- Sanjay Sanapoori | January 31, 2023 | 12:00 pm
When the previous generation fab five, Sachin Tendulkar, Sourav Ganguly, Rahul Dravid, VVS Laxman and Virender Sehwag, retired, the batting line-up suddenly had a new look. There was a lot of young talent in their and in a decent amount of time, India found a new core who could carry the team forward. From 2012 to 2018, Murali Vijay formed a core part of the line-up along with Virat Kohli, Ajinkya Rahane and Cheteshwar Pujara.
In Cheteshwar Pujara, India had a new wall who could block out bowlers for hours on end. Virat Kohli brought with him an ability to accumulate runs according the situation of the game while Ajinkya Rahane bought flexibility and new was brilliant at handling pressure overseas. Murali Vijay, the fourth piece of the puzzle was an incredible leaver of the ball. His patience stood out as he left balls on end, while surprising bowlers by coming out and slogging them when they least expected it.
The name monk came up because of his ability to go silent and suddenly find a string of boundaries. With India facing nearly two years on tour as they visited all the SENA countries, Murali Vijay, along with the other young Indian batters went through their biggest challenge early in their career. Through the four tours, Murali Vijay made an impact in Australia, England and South Africa.
He held himself against a rampaging Dale Steyn on a challenging Durban track to make a mark in South Africa. In England, his leaving technique came into the spotlight as he patiently made his way to a 146 in Nottingham. He almost made the Honours Board in Lords a Test later as he made 95.
His best innings and probably the best series he had in his career was in Australia. With India heading their after a 4-0 whitewash in their last visit to Australia the pressure was on. MS Dhoni was out for the first Test and the new era began as Virat Kohli took charge of a very young core. In each of the four Tests, Murali Vijay came up with some significant innings.
His 99 at Adelaide kept India in the hunt as he built a strong partnership with Virat Kohli, taking the attack to Nathan Lyon. His untimely dismissal though led to a collapse as India fell short of what could have been one of their best wins overseas. A Test later, Murali Vijay played his best knock overseas.
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On a bouncy Brisbane track, facing Mitchell Johnson who terrorized the English batters a year before, Murali Vijay held his own. He went on to make 144 in an innings which saw the others barring Ajinkya Rahane struggle to go big. His innings took India to 408, and Murali Vijay received loads of praise for his efforts. That particular tour stood out for the performances of Steve Smith and Virat Kohli, Murali Vijay though, stood up on his own. With 482 runs, he was the third highest scorer in the series, making his mark in the new look batting line-up.
With 12 centuries, and 61 Test Caps, Murali Vijay did enough to highlight himself in the side. He built some incredible partnerships too over his career with the likes of Cheteshwar Pujara and Virat Kohli, and was well known for his grit and patience. With Pujara in particular, the pair accumulated more than 2000 runs, frustrating bowlers with their patience. His style of play however remained odd. On his day, even the best of bowlers and the most bowling friendly conditions looked easy for him. He’d walk out with his own attitude and absolutely dominate.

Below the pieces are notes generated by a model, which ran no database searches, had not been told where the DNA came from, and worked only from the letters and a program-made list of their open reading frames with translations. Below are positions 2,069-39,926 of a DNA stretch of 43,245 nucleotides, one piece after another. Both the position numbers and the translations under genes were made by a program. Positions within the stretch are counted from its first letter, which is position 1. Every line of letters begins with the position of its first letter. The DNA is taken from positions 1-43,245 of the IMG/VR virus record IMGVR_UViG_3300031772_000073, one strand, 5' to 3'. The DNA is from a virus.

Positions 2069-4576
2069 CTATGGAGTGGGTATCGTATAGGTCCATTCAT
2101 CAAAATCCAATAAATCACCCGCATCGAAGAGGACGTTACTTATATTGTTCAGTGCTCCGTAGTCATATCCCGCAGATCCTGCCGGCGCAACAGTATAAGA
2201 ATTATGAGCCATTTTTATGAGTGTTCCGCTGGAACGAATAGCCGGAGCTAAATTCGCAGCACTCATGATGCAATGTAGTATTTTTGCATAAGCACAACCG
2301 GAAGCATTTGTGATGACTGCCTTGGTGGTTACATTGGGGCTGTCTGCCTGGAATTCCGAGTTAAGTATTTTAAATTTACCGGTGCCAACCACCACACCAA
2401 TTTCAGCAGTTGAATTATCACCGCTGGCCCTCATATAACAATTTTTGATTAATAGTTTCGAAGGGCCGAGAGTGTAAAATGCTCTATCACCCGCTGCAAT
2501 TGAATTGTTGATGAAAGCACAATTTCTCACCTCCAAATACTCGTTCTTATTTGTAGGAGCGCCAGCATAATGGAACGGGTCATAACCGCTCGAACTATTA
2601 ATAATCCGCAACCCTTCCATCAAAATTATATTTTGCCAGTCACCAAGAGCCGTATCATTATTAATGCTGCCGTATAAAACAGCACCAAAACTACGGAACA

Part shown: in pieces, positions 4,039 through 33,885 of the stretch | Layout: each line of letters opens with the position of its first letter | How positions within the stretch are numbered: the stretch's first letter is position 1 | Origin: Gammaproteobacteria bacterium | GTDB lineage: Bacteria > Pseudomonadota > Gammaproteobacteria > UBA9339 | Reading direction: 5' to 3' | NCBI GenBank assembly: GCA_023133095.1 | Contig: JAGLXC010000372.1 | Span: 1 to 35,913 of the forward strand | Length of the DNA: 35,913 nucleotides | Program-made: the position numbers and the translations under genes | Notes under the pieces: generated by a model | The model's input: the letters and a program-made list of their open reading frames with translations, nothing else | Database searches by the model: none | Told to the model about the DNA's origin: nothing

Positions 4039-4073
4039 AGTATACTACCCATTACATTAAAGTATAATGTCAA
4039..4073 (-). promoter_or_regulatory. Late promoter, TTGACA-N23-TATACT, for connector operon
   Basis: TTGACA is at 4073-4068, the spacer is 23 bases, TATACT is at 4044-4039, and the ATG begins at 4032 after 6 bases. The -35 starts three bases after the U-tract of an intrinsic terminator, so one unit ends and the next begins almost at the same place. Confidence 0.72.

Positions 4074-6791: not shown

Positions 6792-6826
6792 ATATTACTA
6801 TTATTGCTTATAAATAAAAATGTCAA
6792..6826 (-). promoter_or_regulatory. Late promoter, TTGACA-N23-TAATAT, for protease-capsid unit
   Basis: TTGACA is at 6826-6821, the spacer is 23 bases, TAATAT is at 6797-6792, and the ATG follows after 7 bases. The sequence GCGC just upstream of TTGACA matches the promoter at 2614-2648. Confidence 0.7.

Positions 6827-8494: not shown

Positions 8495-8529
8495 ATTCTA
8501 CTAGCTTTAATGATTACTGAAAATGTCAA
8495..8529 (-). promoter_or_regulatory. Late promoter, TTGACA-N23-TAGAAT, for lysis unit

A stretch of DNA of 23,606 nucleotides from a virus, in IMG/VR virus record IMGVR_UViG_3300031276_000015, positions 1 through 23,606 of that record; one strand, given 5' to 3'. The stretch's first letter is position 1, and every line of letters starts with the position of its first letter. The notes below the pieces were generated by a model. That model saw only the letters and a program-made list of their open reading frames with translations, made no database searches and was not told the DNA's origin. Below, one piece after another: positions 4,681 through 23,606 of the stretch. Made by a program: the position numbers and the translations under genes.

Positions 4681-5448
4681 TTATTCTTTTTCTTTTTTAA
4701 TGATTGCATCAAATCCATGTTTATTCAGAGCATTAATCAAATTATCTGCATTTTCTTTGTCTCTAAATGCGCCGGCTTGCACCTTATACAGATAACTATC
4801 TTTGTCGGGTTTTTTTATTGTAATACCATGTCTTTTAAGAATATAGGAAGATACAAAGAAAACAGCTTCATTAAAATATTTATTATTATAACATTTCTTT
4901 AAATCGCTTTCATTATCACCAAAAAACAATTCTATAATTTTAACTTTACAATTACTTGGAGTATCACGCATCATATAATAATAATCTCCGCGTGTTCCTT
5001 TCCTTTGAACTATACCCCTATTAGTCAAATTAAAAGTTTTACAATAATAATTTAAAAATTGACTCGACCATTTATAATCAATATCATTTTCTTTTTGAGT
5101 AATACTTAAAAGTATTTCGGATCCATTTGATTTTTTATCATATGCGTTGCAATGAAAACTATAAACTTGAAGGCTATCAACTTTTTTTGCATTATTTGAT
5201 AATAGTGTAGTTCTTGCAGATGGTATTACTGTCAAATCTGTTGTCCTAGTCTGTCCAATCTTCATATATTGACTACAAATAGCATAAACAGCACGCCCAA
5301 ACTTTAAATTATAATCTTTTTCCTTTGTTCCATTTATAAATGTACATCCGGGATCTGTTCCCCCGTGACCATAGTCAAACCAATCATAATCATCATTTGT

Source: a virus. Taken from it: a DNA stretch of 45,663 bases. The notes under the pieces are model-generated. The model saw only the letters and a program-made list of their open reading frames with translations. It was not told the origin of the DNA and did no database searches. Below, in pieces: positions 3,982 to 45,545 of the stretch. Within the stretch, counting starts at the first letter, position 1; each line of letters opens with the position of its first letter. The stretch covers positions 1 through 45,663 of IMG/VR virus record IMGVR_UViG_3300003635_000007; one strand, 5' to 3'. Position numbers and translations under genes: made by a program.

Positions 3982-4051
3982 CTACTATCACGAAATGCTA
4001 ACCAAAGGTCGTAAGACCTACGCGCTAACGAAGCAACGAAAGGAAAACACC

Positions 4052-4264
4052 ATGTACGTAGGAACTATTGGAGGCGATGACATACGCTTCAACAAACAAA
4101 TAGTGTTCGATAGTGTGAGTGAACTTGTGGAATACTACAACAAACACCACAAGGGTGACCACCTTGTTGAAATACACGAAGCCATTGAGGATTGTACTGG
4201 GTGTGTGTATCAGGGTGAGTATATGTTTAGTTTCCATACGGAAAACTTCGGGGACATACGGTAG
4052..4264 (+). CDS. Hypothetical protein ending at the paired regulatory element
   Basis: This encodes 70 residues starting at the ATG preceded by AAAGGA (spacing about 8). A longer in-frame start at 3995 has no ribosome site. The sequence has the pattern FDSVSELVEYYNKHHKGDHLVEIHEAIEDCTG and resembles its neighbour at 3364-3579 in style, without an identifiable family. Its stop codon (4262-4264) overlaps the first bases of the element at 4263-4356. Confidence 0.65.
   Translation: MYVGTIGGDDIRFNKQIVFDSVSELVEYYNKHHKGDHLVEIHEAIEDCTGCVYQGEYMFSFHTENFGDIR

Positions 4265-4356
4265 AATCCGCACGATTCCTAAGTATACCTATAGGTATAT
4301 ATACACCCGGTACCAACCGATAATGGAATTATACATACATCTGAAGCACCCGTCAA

However, on other days, Murali Vijay would look ordinary even on the flattest of tracks. He was a phenomenal player down the ground, and many a times resembled MS Dhoni with some of his hits down the ground. Enjoying a beautiful run in the Test squad, Murali Vijay was quick to be found out though.
Visiting South Africa for a third time, Murali Vijay struggled when he looked to play more balls than usual. For some reason, he decided to offer shots more, and the bowlers too attacked his stumps a lot more. His only decent innings in the first two tests was 46. That 46 too could have been a lot more with Vijay looking comfortable. Vijay however, in his monk like style fell going for a sudden attacking shot.
He still played a significant and character defining knock in that tour. His 25, though a very small score was huge considering the circumstances in the third Test. On a treacherous pitch, with the ball bouncing unpredictably, Murali Vijay went back to his leaving strategy. He faced 127 balls and took blows all over as he eased things out for the batter behind him.
The knock though did not give him the fluency he needed. Few months later, James Anderson found him out as Murali Vijay’s stumps were attacked. A pair in Lords sealed his faith as he was dropped for the Final three Tests in England. He did make it back in Australia but another round of poor scores resulted in the monk falling. He enjoyed a run from 2013 to 2018 as one of the key parts of the batting line-up.
A constant part of the batting line-up, Murali Vijay was always around while openers moved around him. He played his role of easing the game out for the middle-order to perfection as he consistently let deliveries go, while he also dented bowlers confidence with random blows down the ground. His career though, came to a quick end as Murali Vijay fell and could not compete with the new band of openers who were making their way in the squad.
Five years at peak form in the top though saw India find a crucial part of their battling line-up. As they found a new wall in Pujara, a run machine in Virat Kohli and a flexible batter in Rahane, India found a reliable and strong opener in Murali Vijay, who moves on as an underrated champion in a line-up that has achieved a lot in the last decade in Test Cricket. Once an asset in the top-order, Murali Vijay now moves on in silence, with his heroics over the years seemingly unnoticed.